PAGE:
Research Areas

  1. Research in Open Star Clusters

  2. Research in Ap Stars
 
     
 
Research in Ap Stars


The study of stars begins with the knowledge of its spectral type. In the early 1900s, E. C. Pickering, Annie Cannon and their colleagues at the Harward Observatory set up th spectral classification scheme, which we use today. According to this scheme, the stars are classified into O B A F G K M types depending mainly upon their surface temperatures and also their chemical compositions. The different types of stars have been studied for quite a long time. Among them the study of A type stars has been somewhat unique as some stars of this type have been found to show anomalous overabundances of certain elements like the Si, Sr, Cr and rare earths as compared to the normal stars of the same kind. The A type stars with the above mentioned anomalies are termed as “peculiar A type stars” and denoted as Ap stars. The other observed anomalies of the Ap stars are under abundance of the helium in most of the star, small deficit in the light elements C, O, Mg, Si in some stars, Ca deficit in most stars, 10 to 100 fold excess of the elements like Sc, Ti, Cr, Mn, Fe in many stars, excess of elements like Sr, Y, Zr up to 1000 times, excess of rare-earths like La, Eu, Gd, Dy by factors of 300 to 1000 and more.

Many of the Ap stars have been found to show photometric and spectroscopic variations in addition to the variation in magnetic field strengths. The need for the knowledge of physical parameters of Ap stars has been strongly felt and hence studies have been carried out at MPBIFR in different lines like photometric, spectroscopic and study of magnetic field strengths.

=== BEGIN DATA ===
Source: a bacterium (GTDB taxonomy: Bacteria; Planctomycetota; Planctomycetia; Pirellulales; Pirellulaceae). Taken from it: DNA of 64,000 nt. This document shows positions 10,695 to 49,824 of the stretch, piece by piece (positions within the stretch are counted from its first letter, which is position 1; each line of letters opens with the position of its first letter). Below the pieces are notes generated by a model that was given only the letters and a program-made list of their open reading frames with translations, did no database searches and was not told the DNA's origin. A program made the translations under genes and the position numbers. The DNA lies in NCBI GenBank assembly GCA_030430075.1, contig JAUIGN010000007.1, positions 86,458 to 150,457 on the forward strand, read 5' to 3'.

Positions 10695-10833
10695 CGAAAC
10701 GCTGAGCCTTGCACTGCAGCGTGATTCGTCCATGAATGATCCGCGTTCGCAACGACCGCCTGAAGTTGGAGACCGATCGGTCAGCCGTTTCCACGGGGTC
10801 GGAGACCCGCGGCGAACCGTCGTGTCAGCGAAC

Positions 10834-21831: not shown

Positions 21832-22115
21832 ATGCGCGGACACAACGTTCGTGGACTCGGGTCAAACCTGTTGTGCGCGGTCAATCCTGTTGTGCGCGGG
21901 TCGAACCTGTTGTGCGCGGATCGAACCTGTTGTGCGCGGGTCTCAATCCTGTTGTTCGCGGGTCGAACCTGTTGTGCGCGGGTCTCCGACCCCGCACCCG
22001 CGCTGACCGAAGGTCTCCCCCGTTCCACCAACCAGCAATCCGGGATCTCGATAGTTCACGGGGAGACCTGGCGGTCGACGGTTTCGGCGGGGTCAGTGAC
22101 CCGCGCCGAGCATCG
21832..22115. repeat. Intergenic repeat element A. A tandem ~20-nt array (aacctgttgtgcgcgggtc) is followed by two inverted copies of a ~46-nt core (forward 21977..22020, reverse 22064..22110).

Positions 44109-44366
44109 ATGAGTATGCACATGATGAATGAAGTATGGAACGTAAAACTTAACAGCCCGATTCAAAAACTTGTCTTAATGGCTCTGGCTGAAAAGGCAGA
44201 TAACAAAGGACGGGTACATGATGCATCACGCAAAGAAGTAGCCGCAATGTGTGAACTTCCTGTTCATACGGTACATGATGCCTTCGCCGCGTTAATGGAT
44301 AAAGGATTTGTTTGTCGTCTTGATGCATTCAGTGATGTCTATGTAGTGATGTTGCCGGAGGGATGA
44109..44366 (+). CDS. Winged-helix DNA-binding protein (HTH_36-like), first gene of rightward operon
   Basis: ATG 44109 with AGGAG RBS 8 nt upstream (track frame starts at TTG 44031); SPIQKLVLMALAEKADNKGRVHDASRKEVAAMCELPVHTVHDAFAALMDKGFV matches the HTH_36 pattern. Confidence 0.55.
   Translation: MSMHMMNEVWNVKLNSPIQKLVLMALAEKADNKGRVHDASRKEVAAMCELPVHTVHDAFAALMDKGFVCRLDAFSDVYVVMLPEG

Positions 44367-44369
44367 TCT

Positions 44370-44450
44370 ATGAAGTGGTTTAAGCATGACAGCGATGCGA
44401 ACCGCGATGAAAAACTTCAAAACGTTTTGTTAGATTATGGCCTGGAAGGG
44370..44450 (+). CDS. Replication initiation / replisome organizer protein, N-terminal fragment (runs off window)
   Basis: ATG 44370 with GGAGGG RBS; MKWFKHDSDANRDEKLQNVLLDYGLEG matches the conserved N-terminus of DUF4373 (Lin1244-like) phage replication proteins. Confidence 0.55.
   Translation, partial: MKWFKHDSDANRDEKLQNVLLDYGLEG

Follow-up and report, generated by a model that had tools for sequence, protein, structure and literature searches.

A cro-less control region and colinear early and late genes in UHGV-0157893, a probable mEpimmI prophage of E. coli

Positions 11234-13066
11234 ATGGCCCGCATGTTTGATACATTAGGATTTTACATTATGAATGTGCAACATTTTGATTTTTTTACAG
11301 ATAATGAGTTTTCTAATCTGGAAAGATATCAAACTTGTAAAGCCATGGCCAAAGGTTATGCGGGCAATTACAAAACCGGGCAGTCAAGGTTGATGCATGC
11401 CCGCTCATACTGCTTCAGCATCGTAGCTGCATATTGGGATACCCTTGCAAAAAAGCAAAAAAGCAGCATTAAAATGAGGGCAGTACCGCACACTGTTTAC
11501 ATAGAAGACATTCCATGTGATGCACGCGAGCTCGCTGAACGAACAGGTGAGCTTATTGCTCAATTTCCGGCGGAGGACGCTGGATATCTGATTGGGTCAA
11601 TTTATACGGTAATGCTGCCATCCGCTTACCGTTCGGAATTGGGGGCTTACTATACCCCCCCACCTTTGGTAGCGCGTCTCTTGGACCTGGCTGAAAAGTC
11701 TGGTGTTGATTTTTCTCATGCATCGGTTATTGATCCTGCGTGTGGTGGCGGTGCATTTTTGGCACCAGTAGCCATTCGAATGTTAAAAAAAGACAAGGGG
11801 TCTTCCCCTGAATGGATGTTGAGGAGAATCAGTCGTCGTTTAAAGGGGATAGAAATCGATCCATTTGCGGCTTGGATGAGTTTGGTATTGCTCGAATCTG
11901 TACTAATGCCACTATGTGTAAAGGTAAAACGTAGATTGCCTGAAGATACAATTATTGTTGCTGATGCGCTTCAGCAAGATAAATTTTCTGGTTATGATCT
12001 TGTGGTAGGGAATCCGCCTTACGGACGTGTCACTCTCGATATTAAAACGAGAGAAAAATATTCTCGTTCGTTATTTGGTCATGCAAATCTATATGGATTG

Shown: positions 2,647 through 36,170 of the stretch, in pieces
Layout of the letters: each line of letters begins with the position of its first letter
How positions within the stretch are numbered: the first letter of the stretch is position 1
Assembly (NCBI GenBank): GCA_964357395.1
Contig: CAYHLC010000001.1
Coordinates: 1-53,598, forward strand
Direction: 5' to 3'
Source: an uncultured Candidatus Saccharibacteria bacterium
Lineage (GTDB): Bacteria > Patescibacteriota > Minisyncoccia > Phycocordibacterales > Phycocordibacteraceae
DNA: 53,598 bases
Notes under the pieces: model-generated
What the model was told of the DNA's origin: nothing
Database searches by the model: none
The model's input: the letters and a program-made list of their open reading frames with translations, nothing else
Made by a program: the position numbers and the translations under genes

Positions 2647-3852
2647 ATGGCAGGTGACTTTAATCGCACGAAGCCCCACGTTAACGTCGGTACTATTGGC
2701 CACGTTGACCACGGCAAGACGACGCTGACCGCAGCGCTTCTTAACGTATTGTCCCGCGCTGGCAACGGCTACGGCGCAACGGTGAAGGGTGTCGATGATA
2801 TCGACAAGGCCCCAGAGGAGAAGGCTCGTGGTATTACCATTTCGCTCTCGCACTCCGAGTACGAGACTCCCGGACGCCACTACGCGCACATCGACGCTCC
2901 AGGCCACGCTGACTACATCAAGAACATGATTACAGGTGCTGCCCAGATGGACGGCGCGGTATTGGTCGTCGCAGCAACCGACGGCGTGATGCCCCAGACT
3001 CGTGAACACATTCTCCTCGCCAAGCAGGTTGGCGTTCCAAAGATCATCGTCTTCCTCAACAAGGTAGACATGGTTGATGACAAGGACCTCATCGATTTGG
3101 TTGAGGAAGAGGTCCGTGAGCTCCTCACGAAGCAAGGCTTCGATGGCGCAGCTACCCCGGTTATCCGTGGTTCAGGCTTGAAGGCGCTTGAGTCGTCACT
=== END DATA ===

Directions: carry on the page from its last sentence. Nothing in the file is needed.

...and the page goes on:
Papers Published in Refereed Journals:

  1. “Search for rapid spectral feature variations in chemically peculiar star HR4330”
    Sriraghavan, S. M.; Babu, G. S. D., MNRAS, 396, 2061, 2009.
  2. “On the behaviour of chemically peculiar star HR 2095”
    Sriraghavan, S. M.; Jayakumar, K.; Babu, G. S. D.; Sujatha, S., Bulletin of Astronomical Society of India, 33, 373, 2005.
  3. “Variation of the Si II features in the chemically peculiar star – HD 115735”
    Sriraghavan, S. M., Jayakumar, K., Babu, G. S. D., and Sujatha, S., Bulletin of Astronomical Society of India, 32, 113-119, 2004.
  4. “Spectral Line Variations in the Ap Star HD42536”
    Babu, G. S. D., Jayakumar, K. J., Velu, C., and Sujatha, S., Bulletin of Astronomical Society of India, 31, 337-339, 2003.

Publications in Conference Proceedings:

  1. “Search for rapid spectral feature variations in HR4330”
    Sriraghavan, S. M.; Babu, G. S. D., Bulletin of Astronomical Society of India, 2008, 25, 62 (abstract only).
  2. “On the behaviour of the Si II features in the chemically peculiar star HR2095”
    Sriraghavan S.M., Jayakumar K., Sujatha S. and Babu G. S. D., Bulletin of Astronomical Society of India, 2005, 33, 373 – 373 (abstract only)
 


Interesting Quote...

We should do astronomy because it is beautiful and because it is fun. We should do it because people want to know. We want to know our place in the universe and how things happen.

— John N. Bahcall

 

 

 
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